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One Summer

America, 1927

By Bill Bryson
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One Summer by Bill Bryson

One Summer (2013) tells the story of the summer of 1927, a particularly pivotal three months in American history. The summer of 1927 marked the emergence of the United States as a major power on the international scene and set the stage for the Great Depression of the ‘30s. One Summer takes a closer look at a number of 1927’s important events, such as Charles Lindbergh’s famous flight across the Atlantic Ocean, Babe Ruth’s recording-breaking 60 home runs in a season and the execution of Italian anarchists Sacco and Vanzetti.   

Key idea 1 of 6

The United States was behind the rest of the world in aviation until Charles Lindbergh’s flight across the Atlantic.

It’s hard to imagine the United States without planes. The United States Air Force is a global powerhouse, red-eye flights take people from coast to coast every night and one of the largest airplane producers in the world is American. But this wasn’t always the case.

Airplanes were rare in the US military before 1914, but the outbreak of World War I showed military leaders how useful they really were. Airplane production and use increased exponentially during the war; planes were used for monitoring enemy troops, directing artillery fire and dropping aerial bombs.

Civilian aviation increased after the war, but only in Europe. Flights became widespread in post-war Europe, with Germany safely transporting 151,000 passengers by 1927, France operating nine airlines and British airlines racking up nearly a million miles per year.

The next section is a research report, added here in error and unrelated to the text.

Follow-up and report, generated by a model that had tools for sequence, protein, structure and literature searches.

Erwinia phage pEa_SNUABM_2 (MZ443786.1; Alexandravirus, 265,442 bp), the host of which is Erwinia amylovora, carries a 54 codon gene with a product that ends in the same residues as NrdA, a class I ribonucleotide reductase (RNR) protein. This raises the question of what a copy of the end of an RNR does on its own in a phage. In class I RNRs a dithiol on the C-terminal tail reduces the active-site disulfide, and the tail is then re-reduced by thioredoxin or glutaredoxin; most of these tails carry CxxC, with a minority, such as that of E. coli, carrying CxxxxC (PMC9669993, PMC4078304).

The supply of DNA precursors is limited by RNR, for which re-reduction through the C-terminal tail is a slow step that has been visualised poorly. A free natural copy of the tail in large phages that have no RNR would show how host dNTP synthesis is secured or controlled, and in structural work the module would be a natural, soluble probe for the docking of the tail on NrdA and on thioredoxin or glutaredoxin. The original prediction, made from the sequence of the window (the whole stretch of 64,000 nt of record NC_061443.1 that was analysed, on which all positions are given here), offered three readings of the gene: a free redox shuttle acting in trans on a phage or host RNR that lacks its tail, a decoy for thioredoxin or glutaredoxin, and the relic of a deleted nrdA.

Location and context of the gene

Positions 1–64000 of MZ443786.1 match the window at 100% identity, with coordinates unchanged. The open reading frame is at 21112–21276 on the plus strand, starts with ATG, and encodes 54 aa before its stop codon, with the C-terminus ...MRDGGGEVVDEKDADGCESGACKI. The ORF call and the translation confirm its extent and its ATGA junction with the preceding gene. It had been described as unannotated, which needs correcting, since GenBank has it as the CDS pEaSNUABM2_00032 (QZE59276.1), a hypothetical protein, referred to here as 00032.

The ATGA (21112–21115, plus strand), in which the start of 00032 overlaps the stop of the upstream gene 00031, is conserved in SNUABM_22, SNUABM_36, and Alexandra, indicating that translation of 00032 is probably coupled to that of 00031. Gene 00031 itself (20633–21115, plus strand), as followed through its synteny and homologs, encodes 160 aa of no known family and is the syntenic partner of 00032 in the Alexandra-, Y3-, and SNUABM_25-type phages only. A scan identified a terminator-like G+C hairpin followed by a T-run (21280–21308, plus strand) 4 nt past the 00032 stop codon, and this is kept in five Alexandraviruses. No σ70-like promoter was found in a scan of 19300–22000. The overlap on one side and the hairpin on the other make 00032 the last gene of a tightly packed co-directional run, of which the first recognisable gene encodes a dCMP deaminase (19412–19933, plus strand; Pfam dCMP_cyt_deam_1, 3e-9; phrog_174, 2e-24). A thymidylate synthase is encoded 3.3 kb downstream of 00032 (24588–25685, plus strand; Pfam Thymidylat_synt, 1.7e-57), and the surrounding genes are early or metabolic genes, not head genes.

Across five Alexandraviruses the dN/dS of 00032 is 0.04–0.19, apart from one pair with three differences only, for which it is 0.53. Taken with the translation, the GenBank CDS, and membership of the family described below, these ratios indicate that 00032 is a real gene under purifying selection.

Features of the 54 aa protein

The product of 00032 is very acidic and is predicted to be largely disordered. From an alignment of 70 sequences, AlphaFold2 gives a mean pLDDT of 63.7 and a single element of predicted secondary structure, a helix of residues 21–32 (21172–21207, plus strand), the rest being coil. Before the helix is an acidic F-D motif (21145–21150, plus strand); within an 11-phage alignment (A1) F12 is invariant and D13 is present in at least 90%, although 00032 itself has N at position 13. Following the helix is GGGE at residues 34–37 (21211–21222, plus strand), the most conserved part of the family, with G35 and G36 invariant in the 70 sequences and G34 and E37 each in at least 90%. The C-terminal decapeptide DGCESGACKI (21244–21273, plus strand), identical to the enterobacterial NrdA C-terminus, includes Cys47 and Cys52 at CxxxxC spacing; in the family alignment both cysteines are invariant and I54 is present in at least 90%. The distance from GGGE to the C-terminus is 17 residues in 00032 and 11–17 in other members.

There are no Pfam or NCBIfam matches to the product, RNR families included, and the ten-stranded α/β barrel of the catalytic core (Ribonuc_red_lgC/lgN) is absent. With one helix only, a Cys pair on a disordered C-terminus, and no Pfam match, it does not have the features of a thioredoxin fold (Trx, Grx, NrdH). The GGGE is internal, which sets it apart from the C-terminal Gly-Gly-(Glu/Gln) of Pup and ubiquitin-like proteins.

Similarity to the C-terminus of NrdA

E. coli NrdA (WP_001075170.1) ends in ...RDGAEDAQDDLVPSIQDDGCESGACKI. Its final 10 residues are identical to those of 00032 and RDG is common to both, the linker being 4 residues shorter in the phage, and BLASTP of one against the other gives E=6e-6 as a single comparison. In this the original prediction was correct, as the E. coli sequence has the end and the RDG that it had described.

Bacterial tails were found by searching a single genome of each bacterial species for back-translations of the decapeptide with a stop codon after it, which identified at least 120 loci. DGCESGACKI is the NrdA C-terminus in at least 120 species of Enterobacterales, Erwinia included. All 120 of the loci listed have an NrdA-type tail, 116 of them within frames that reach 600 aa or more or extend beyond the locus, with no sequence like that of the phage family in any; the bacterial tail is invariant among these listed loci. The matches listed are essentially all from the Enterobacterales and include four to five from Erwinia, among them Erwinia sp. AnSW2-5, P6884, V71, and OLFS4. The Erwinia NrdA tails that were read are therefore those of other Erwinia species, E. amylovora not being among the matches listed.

Following the war, Americans didn’t develop their aviation at the same rate; passenger air services didn’t exist at all until the spring of 1927.

But Charles Lindbergh’s flight across the Atlantic completely changed things, especially as it prompted greater interest in aviation among everyday Americans.

Lindbergh set out from New York in his plane, The Spirit of St. Louis, on May 20th, 1927 and landed in Paris the next day. He became the first person in history to be in the two cities on back-to-back days, which earned him the highly coveted Orteig Prize in aviation.

Lindbergh’s extraordinary accomplishment captivated the world’s attention and imagination. His fame helped promote commercial air services, but also aviation in general. In fact, it spurred around $100 million in aviation investments in the United States.

Within a year of Lindbergh’s flight, the airplane manufacturer Boeing grew from being a small company in Seattle to employing a thousand people.

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